Search - Oscar Brown Jr :: Movin on

Movin on
Oscar Brown Jr
Movin on
Genres: Jazz, Pop
  •  Track Listings (9) - Disc #1

The Album of Oscar Brown, Jr.'s original compositions include 'A Dime Away From A Hotdog', 'A Ladiesman' and 'First Lady'. 2002 reissue originally released in 1972.


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CD Details

All Artists: Oscar Brown Jr
Title: Movin on
Members Wishing: 3
Total Copies: 0
Label: Collectables
Release Date: 8/27/2002
Genres: Jazz, Pop
Style: Vocal Jazz
Number of Discs: 1
SwapaCD Credits: 1
UPC: 090431636923


Album Description
The Album of Oscar Brown, Jr.'s original compositions include 'A Dime Away From A Hotdog', 'A Ladiesman' and 'First Lady'. 2002 reissue originally released in 1972.

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CD Reviews

Star Thrower | 05/02/2008
(5 out of 5 stars)

"Before Marvin Gaye or Curtis Mayfield there was Oscar Brown Jr. One of the sharpest wits to employ his talents to pen and song. When it comes to clever lyrics and vocal delivery, Oscar Brown Jr was second to none. This early 70s release is a funk filled affair featuring a host of great players such as David "Fathead" Newman, Bernard Purdie, and Richard Tee. Brown's caustic portrayal of women in "Walk Away" may be out of vogue in the age of political correctness, but it's all in good fun. Mr. Brown obviously loves women. He'll tell you all about it in his satirical self tribute "Ladies Man". Some of the other songs deal with the rigors of a life teetering on the brink of poverty. Commercial success eluded Brown throughout his long career. The album closes with Young Man, a heartfelt tribute to a fallen friend. Thanks to the late Joel Dorn and now to Collectable Records for rescuing this fine album from obscurity."
Dolemite Deep !
Eddie Landsberg | Tokyo, Japan | 05/27/2009
(5 out of 5 stars)

"The late great Oscar Brown Jr. was a one of a kind original Jazz hipster poet/singer/songwriter artist - -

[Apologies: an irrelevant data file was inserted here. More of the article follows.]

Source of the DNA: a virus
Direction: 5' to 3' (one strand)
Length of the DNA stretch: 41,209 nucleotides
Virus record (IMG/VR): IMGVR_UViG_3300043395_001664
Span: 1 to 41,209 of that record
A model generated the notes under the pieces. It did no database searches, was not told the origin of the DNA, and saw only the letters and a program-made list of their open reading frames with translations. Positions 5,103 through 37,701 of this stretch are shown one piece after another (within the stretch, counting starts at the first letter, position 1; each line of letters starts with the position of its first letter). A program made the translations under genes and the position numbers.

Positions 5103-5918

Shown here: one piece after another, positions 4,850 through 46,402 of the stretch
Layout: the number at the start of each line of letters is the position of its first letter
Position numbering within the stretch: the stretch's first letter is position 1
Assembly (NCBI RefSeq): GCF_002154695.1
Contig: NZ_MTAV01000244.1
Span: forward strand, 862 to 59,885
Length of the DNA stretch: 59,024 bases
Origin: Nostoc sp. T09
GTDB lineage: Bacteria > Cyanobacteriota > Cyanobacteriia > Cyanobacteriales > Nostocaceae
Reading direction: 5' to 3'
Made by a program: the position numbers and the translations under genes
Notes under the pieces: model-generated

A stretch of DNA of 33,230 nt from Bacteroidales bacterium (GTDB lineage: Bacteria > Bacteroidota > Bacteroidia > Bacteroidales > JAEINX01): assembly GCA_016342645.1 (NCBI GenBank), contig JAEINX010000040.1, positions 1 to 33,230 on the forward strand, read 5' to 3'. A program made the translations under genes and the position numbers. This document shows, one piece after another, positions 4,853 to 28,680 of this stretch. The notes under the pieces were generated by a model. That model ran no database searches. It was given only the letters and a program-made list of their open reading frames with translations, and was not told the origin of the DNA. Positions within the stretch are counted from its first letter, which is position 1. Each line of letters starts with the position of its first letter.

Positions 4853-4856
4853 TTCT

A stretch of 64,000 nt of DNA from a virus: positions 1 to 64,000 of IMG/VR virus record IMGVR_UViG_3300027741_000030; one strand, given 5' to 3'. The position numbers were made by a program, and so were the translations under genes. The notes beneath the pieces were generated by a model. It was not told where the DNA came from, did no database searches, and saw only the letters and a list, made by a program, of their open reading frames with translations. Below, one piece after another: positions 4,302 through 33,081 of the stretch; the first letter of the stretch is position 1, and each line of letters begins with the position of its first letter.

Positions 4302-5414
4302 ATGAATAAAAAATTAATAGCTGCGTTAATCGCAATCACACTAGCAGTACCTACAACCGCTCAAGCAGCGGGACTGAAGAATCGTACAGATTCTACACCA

A slick smooth talker, before Gil Scott Heron and Melvin Van Peebles, he wasn't afraid of being controversial...
and emerging after Babs Gonzales, he was one of the few who could really could be said to walk in the hipster tradition long after it was hip to be hep (and he was !)

This album presents the FUNKY SIDE of Oscar Brown circa 1972, and woe daddy, was he DOLEMITE funky...

As for the sound... actually sounds like an Allen Tousaint production... I think there's a lot of Crescent City funk in the groove, say similar to what Dr. John and LaBelle were doing at the time... however, credits reveal that actually it was produced by the great Joel Dorn and the rhythm section includes Bernard Purdie, Cornell Dupree and David "Fathead" Newman to name a few... Needless to say, all the tracks bump... however, the catch is that its not just the music that makes the album great is that Brown was a street poet first and foremost... one with a biting sense of humor and reality... so what you get is an album that's sharply produced, funky, and full of lyrics that you actually find yourself following from the beginning to the the end of each tune - - my favorite being Ladiesman, about an aging hustler lamenting the gradual loss of his sexual prowess. - - If you dig this album, besides checking out Gil, The Hustler's Convention (Lightening Rod), you might also like Eugene McDaniel's HEADLESS HEROES.

Note: As funky as this one is, he's got an even funkier one: Dig FRESH !"